Written Word

A Life of Self-Denial

If anyone would come after me, he must deny himself and take up his cross and follow me….And anyone who does not carry his cross and follow me cannot be my disciple. (Matthew 16:24; Luke 14:27)

Following Jesus involves both self-denial and crucifixion. Jesus could not have made this plainer. He calls for wholehearted devotion to him for life.

Self-denial brings medieval images to mind: mortification of the flesh, hard beds, hair shirts, cold showers, draughty monasteries, celibacy, the absence of fun and creature comforts. Spartan! Yet self-denial is none of these. Neither is it having low self-esteem, always running yourself down, never rejoicing in the good you accomplish or never laughing.

We can say that self-denial is saying no to what we want to do and saying yes to the will of God.

Here are a few example to help amplify the point.

On the night of his betrayal, Jesus went to the garden of Gethsemane and prayed. Ahead of him lay his arrest, trial and execution. He prayed, ‘My Father, if it is possible, may this cup be taken from me. Yet not as I will, but as you will.’ Praying a second time he said, ‘My Father, if it is not possible for this cup to be taken away unless I drink it, may your will be done’ (Matthew 26:39,42). The spirit of self-denial is heard in his words, ‘not as I will, but as you will.’ Jesus came from heaven to earth, not to do his will but the will of the Father. Through his death he was showing us the real meaning of self-denial.

Another example of self-denial is displayed by Mary. Informed that she would give birth to the saviour of the world she responded, ‘I am the Lord’s servant … may it be to me as you have said.’ (Luke 1:38) In these words, Mary echoes the sentiments of the Lord’s prayer, ‘Your will be done on earth as it is in heaven.’ She would become pregnant, not through sexual intercourse, but though the intervention of the Spirit. This had never occurred before, so there was no one she could consult who had undergone a similar experience. No support group existed for virgins who conceived miraculously. And how would she explain her pregnancy to Joseph, the man to whom she was engaged? These were real concerns, nevertheless she chose to do the will of God. That’s self-denial.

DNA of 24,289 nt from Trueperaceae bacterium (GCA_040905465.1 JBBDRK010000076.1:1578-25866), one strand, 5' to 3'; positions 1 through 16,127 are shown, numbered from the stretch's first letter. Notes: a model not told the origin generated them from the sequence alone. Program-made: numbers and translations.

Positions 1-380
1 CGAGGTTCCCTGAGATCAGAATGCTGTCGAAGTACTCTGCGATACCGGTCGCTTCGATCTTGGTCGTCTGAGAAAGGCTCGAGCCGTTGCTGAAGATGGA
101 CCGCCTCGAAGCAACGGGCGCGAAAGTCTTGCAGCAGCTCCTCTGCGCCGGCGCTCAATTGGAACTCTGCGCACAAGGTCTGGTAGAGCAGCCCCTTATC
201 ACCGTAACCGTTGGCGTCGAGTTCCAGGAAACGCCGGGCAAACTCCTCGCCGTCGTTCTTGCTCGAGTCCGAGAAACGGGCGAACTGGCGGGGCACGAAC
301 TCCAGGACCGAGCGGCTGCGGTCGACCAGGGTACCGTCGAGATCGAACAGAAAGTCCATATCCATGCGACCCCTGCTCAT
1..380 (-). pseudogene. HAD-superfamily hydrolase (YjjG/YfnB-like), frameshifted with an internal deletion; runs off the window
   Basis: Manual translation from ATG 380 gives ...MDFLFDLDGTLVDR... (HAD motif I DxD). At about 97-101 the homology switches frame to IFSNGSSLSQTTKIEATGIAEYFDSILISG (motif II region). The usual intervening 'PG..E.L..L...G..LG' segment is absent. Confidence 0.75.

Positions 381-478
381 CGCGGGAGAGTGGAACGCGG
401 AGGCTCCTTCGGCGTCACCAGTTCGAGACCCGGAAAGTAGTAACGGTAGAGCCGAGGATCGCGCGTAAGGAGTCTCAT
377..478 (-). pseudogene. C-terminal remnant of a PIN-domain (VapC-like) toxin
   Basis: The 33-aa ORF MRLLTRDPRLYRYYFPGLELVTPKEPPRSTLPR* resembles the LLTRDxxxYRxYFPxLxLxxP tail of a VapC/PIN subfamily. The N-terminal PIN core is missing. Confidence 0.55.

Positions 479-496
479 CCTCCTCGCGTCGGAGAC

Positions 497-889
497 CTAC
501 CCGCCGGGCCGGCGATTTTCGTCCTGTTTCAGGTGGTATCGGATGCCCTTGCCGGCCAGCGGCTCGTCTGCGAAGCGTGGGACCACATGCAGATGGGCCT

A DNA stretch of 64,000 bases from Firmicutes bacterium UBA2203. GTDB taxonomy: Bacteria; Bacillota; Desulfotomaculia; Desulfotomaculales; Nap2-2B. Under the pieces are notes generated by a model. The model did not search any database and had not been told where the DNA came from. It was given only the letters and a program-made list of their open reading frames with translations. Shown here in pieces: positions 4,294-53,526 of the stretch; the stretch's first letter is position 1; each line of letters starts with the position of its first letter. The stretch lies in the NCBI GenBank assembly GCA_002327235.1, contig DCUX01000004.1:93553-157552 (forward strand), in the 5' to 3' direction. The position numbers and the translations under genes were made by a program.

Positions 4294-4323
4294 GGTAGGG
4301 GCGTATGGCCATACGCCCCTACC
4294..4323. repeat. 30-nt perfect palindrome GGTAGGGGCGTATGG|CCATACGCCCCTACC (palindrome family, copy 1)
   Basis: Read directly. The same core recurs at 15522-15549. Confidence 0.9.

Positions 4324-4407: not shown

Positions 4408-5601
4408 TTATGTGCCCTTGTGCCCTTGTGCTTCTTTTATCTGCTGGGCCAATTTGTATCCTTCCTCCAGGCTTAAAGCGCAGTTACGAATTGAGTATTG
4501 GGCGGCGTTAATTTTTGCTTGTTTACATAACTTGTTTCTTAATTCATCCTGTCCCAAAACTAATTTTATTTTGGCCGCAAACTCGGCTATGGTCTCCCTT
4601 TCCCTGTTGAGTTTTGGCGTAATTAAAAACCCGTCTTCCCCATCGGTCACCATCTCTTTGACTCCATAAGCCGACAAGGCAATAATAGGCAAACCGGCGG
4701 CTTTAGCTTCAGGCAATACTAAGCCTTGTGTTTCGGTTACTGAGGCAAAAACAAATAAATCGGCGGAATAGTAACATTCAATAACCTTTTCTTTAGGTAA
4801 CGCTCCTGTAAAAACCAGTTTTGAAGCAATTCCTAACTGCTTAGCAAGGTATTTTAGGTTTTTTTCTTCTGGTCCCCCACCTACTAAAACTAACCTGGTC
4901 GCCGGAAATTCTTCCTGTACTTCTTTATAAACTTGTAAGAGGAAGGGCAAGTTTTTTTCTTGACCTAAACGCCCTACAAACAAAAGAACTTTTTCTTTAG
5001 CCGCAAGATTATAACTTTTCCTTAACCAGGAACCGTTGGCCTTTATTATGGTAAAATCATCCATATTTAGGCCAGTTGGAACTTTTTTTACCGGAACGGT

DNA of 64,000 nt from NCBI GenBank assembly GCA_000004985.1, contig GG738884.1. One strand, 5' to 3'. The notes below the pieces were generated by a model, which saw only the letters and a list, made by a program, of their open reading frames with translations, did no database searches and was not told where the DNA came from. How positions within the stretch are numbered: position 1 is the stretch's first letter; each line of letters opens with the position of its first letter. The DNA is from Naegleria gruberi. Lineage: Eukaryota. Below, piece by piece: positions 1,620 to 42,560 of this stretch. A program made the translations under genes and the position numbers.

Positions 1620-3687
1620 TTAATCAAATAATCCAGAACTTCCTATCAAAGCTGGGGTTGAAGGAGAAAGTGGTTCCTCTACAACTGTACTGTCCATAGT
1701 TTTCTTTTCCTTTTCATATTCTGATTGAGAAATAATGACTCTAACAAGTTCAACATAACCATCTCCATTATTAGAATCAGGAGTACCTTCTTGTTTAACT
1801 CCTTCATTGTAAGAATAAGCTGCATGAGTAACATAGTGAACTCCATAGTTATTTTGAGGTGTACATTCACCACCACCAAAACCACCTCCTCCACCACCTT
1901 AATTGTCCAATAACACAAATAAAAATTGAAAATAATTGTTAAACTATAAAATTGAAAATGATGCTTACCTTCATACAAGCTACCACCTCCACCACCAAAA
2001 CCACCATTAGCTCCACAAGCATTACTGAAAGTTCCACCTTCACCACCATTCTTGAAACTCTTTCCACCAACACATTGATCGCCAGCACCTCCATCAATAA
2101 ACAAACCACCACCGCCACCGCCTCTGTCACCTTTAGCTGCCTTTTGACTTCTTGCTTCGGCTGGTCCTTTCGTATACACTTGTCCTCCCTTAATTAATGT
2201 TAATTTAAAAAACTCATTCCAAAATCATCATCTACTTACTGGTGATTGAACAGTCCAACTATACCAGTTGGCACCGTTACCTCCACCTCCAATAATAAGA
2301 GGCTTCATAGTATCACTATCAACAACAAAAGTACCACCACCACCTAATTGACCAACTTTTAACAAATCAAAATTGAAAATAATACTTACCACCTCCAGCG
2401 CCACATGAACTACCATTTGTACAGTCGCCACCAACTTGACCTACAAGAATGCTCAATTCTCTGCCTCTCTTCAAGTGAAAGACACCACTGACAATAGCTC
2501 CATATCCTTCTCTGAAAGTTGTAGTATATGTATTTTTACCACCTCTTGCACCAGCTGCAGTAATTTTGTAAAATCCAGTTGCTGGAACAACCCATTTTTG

Among those who worked alongside the Apostle Paul was an outstanding disciple named Timothy. Self-denial was a way of life with him and Paul paid a glowing tribute to his tireless efforts for the Lord Jesus Christ. He wrote to the church in Philippi:

I hope in the Lord Jesus to send Timothy to you soon, that I also may be cheered when I receive news about you. I have no one else like him, who takes a genuine interest in your welfare. For everyone looks out for his own interests, not those of Jesus Christ. But you know that Timothy has proved himself, because as a son with his father he has served with me in the work of the gospel. (Philippians 2:19-22)

Timothy’s life of self-denial is captured in the words, ‘I have no one else like him, who takes a genuine interest in your welfare. For everyone looks out for his own interests, not those of Jesus Christ.’ Unlike some who looked out only for their own interests – what’s in it for me, how much will this cost me, let someone else do it – Timothy was driven by only one ambition – to do the will of Christ irrespective of the cost to himself. That’s self-denial.

The doing of the will of God, rendering obedience to God, saying yes to God is what self-denial is all about. And when the temptation to sin comes our way, and it will, we must practice self-denial. This point is discussed in the previous lesson.